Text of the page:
Professor/Lecturer Ellmann's Course Materials Page

Bubbles past and present
economic thought
MBA/MA - Anglo-American University International Finance
ERASMUS - International Finance
MBA - Money and Financial Markets
ERASMUS Money & Banking
M.A. Public Policy Economic Sociology
On the Origin of Facts

Sting in the tale told by history's big swindlers
By John Plender
Published: December 19 2008 19:15 | Last updated: December 19 2008 19:15
The size of the alleged Bernard Madoff scam, if it lives up to its
initial $50bn billing, is astounding, yet unsurprising. History tells
us that bubbles spawn swindles. After the biggest credit bubble of all
time, we now may have the biggest swindle of all time. As so often,
the real mystery is how such a big fraud could have been built on so
flimsy a base.
This was, after all, a hedge fund that delivered implausibly
consistent, and consistently good, returns. These were verified by a
firm of auditors employing all of three people. Mr Madoff dealt
through his own in-house broker, raising questions about custody of
assets and internal control. Many experts felt the options trading
strategy he claimed to pursue could not have generated such returns
with so many billions under management. Why were professional as well
as private investors taken in?
The economic historian Charles Kindleberger believed that "swindling
is demand-determined, following Keynes's law that demand determines
its own supply, rather than Say's law that supply creates its own
demand. In a boom, fortunes are made, individuals wax greedy, and
swindlers come forward to exploit that greed".
In practice, the requisite bait for the greedy is a good story. These
used to be colourful – so much so in the 1820s stock market boom in
London that they were parodied in a joke prospectus asking for money
"to drain the Red Sea, in search of the gold and jewels left by the
Egyptians, in their passage after the Israelites".
Mr Madoff's story was dull by comparison, but compelling in a credit
bubble where yields were everywhere falling. This is a syndrome
described by Walter Bagehot, the great theorist of central banking, in
Lombard Street, whereby "the owners of savings not finding, in
adequate quantities, their usual kind of investments, rush into
anything that promises speciously ... "
It is also the principle on which the fraudster Charles Ponzi
operated, promising in 1920 to pay 50 per cent interest for 45-day
deposits. He claimed to be generating huge returns from currency and
interest rate arbitrage. Yet in reality he was using new investors'
money to pay off earlier investors. When a wave of redemptions hit the
Madoff funds, the Ponzi scheme, as Mr Madoff himself reportedly called
it, became unworkable.
Greed is not the exclusive motive for investing in a scam. In the
South Sea Bubble, the noted bluestocking Lady Mary Wortley Montagu
punted furiously in the hope of using profits to pay off a blackmailer
with whom she had had an indiscreet romantic correspondence. And then
there is what Charles Mackay, 19th-century chronicler of speculative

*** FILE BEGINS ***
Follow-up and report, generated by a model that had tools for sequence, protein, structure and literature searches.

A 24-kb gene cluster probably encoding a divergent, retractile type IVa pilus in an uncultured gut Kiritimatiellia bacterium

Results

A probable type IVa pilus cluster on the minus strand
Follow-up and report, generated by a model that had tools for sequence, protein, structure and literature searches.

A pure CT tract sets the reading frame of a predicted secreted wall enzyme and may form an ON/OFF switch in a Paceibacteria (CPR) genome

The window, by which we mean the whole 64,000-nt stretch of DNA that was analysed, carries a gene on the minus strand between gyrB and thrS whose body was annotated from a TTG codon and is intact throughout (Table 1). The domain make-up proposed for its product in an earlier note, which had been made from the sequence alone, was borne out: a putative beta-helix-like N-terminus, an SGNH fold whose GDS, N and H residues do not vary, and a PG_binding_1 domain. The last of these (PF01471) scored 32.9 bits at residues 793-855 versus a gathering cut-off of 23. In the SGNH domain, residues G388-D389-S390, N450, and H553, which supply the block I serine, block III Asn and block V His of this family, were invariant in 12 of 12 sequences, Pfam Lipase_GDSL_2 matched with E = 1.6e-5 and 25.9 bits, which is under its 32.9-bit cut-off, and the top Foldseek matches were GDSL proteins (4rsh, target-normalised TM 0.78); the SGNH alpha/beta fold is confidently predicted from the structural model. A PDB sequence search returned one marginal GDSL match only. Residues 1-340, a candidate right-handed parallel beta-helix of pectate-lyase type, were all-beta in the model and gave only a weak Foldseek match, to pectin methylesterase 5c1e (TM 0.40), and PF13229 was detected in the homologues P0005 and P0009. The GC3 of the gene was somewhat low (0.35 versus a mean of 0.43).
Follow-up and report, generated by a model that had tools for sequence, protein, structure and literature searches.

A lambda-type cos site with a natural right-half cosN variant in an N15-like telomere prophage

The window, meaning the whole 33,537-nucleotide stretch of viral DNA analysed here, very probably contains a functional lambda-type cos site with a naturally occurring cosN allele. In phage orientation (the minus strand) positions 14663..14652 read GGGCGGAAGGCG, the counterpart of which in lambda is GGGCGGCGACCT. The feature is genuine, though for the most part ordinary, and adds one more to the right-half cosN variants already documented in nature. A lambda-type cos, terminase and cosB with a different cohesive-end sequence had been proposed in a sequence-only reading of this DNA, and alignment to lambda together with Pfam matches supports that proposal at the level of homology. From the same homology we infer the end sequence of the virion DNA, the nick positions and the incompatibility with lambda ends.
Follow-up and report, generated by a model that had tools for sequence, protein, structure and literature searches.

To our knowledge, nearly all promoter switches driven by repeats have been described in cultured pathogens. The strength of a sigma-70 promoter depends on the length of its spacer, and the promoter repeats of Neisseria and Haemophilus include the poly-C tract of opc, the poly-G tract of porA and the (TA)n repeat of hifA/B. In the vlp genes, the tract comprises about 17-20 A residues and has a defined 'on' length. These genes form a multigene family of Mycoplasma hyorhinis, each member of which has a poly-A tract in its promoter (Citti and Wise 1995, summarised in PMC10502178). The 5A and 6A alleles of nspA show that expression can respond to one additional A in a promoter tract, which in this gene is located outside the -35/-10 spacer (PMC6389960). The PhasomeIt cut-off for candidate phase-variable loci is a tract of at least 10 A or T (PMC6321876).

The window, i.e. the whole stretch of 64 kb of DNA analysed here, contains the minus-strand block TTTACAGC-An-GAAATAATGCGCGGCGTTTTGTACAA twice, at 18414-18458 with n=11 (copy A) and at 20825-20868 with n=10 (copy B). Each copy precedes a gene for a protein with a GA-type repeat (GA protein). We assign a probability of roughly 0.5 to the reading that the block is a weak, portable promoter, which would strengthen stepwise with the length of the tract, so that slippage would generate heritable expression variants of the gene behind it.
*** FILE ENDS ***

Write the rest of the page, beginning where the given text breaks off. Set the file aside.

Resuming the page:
manias, called "the madness of crowds". In something as big as the
South Sea Bubble, poets, bishops, Sir Isaac Newton and King George I
were drawn into the euphoria.
Another characteristic of most successful scams is a lack of
transparency. Many hedge funds are reluctant to reveal their trading
strategies in detail. The Madoff funds were no exception. Clients who
asked probing questions were asked to take their money elsewhere.
There is a clear parallel here with the investment trusts of the
1920s, which were able to reveal little about the stocks in their
portfolios because the equity bubble conferred an aura of omniscience
on their managers. Reputations inflated in the bubble promptly
evaporated in the 1929 crash, which exposed a plethora of swindles.
Redemptions in the hedge funds business are having the same effect
Nothing helps a fraudster more than a big name. Edward Chancellor, in
his fine history of financial speculation Devil Take The Hindmost,
records how His Highness Gregor, cacique of Poyais, a small territory
on the border of present-day Nicaragua, arrived in London to encourage
emigration and float a £600,000 loan. The issue was a great success,
thanks in part to the services of the notable financier Sir John
Perring, a former lord mayor of London.
Yet the country was fictitious and the emigrants found on arrival that
the "capital" was a collection of mud huts surrounded by swamps and
threatening Indians. For his part, the cacique – whose real name was
Sir Gregor MacGregor, a Scottish adventurer and renegade general from
Simón Bolívar's army – fled to France with the bond issue proceeds.
Mr Madoff was himself a big name, having been a chairman of the Nasdaq
exchange, and his investors regarded him as a Wall Street insider.
Some may even have thought that the extraordinary returns he generated
might reflect successful insider dealing. Yet the betrayal of trust
may be much greater than that of the 19th-century adventurer, since
many of Mr Madoff's friends and colleagues in the Jewish community
appear to have been ruthlessly gulled.
Big swindles are often facilitated by bribery. Many nobles and
parliamentarians were secretly given shares in the South Sea Company
to help the passage of legislation favourable to the directors' plans.
The modern equivalent is campaign finance offered to politicians on
Capitol Hill by hedge funds, investment banks and others. Pleas to
keep hedge funds free from intrusive regulation thus fell on receptive
Will there be anything left for investors in Mr Madoff's funds? They
will not derive much comfort from history. Ponzi took in $7.9m and had
only $61 worth of assets on the premises when he was arrested in
August 1920, 200 years to the month after the collapse of the South
Sea Bubble.

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